JD: We would not be where we are today without Amar'e. That summer, the summer of "The Decision," there were a whole bunch of free agents, and the guys put their thing together in Miami, and Amar'e agreed to come to the Knicks, gave us a launch pad by which we could convince the other guys like Tyson [Chandler] to come, and ultimately Carmelo to come play with us. Do I think Carmelo would have come if we didn't have Amar'e? No, I don't think he would've. These free agents, when you get to this level of player - the Carmelos, the LeBrons, the Durants - the first thing they want before the money or anything else is to be on a winning team. They've got to believe they have a shot.

Emphasis mine. Is that accurate? 'Melo left a 32-25 team to join the 28-26 Knicks in 2011, and New York went .500 the rest of the way. The Knicks seemingly offered more than anyone else to Chandler that offseason, and he left the reigning NBA champions to join New York. With Amare and then 'Melo, the Knicks were obviously positioned to compete. Could it have happened without Amare in the first half? If the Knicks would have failed as hard as the Nets in 2010 free agency, would 'Melo have still pursued a trade? Remember, he did not pursue a trade to the Nets, and perhaps even actively fought one. Is that because of Amare vs. Brook Lopez, or because of the Knicks, the Garden, the shiny marquee vs. the Nets, New Jersey and the swamp?

Dolan's quite likely correct that getting Amar'e had extended benefits beyond his production (which, remember, was fantastic that first season). But it seems a bit overstated to me. The real problem is that Dolan thinks 'Melo is interchangeable with Durant and LeBron. And you wonder why expectations are out of control in New York?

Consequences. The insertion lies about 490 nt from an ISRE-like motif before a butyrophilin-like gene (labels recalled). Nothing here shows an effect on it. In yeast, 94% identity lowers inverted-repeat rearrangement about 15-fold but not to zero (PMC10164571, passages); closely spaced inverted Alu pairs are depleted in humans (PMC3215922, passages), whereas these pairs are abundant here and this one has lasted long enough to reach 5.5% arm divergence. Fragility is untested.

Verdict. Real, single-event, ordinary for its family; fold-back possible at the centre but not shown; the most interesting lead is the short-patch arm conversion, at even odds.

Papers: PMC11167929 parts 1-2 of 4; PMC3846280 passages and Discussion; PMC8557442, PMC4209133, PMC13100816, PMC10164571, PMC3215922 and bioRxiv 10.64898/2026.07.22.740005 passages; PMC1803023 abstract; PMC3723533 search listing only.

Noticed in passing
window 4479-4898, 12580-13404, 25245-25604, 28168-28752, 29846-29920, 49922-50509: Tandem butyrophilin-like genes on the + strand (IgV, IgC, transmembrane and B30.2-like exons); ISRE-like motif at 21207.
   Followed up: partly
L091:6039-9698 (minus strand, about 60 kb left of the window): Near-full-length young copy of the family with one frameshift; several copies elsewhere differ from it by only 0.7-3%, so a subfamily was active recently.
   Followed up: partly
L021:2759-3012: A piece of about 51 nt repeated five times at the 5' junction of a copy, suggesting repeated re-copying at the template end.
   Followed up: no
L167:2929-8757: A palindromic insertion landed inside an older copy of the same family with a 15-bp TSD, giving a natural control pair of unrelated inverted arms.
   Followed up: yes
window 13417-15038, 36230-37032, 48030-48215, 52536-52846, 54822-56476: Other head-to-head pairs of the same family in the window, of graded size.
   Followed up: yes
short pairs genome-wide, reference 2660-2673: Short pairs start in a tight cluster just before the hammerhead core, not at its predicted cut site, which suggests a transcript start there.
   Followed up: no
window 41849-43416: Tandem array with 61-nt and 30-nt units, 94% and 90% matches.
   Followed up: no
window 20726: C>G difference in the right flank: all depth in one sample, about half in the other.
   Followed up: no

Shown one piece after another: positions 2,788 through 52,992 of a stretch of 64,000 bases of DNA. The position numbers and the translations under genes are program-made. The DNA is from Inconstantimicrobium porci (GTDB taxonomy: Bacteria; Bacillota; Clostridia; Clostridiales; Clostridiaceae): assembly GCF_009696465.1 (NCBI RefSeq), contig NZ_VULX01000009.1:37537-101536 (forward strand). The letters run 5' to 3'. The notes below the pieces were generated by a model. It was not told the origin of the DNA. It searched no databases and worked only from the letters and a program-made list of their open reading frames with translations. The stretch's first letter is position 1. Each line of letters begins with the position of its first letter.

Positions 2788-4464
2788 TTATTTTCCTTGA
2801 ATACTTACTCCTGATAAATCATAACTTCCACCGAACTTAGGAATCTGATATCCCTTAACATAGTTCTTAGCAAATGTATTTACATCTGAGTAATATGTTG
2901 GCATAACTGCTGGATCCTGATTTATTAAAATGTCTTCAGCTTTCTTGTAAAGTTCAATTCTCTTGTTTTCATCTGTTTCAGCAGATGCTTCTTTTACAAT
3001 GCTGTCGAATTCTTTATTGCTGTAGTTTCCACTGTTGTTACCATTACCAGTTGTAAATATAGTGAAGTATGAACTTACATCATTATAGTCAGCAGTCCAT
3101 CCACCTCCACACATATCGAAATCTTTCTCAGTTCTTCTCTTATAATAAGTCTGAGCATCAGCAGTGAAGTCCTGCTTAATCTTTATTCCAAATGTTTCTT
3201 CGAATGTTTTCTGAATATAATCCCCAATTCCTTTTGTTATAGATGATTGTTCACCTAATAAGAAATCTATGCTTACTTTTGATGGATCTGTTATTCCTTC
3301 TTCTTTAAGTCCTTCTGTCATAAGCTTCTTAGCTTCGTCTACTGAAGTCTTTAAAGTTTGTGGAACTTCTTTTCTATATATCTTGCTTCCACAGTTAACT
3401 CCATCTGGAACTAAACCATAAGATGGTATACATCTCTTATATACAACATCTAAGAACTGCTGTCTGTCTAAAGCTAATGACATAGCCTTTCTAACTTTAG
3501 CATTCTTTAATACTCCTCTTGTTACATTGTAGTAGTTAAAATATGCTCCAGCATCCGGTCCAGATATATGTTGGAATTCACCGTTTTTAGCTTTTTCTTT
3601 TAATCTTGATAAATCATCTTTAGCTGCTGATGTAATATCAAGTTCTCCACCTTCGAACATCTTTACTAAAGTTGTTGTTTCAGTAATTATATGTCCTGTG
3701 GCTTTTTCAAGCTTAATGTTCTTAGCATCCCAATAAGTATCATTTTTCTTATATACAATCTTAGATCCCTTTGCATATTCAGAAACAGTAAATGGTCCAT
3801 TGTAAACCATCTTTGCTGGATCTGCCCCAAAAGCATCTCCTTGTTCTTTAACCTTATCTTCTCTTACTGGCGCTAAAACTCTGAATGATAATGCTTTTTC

The other real problem is that the Knicks totally wasted the single line of protection against Amare's swift decline that they had: the amnesty clause. Remember: the Knicks picked up the $14 million team option on Chauncey Billups in June 2011. After the lockout ended, the Knicks used the amnesty clause on Billups to free up space for Chandler. If the Knicks had just let Billups go in 2011 and added Chandler and resisted the urge to waste the amnesty clause on someone else, New York could have lost Stoudemire this offseason without losing the initial benefits he brought. Oh well.


Billy Hunter's apparent strategy to fight back against Derek Fisher over Hunter's dismissal as NBA union executive director is to ... implicate Kobe Bryant. The accusation goes that Fisher and NBA officials negotiated a secret deal that would have the players compromising on the revenue split and winning on a few other items. Jason Whitlock actually detailed this accusation during the lockout, accusing Fisher of looking to cash in with a plum league job eventually. (Fisher does have a plum job, but it's miraculously on the court.)

In an effort to get paid, Hunter is now saying that Kobe called him at home one night during the lockout, identified himself as "the Black Mamba" and told Hunter to take the deal Fisher had worked out behind the scenes. This is hilarious on many counts. Everyone knows that Kobe really did not want to lose a season to a labor stoppage at that point in his career; reports at the time had the Lakers and Heat pushing hardest for a deal.

If this is indeed how it went down, I wonder why on Earth Kobe reached out to Hunter. All Team Fisher had to do was press Hunter in actual negotiations toward this result or press for a vote. It'd be three more weeks after the first accusations surrounding this came out (via Whitlock) before a deal was struck. If Fisher's deal had support, why notify Hunter and why not press more quickly for resolution?

Did Kobe think he was doing everyone a favor? Is Hunter making this up to put some pressure on Fisher and the new NBPA board to settle? I mean, this is a totally boring episode of Law and Order at worst.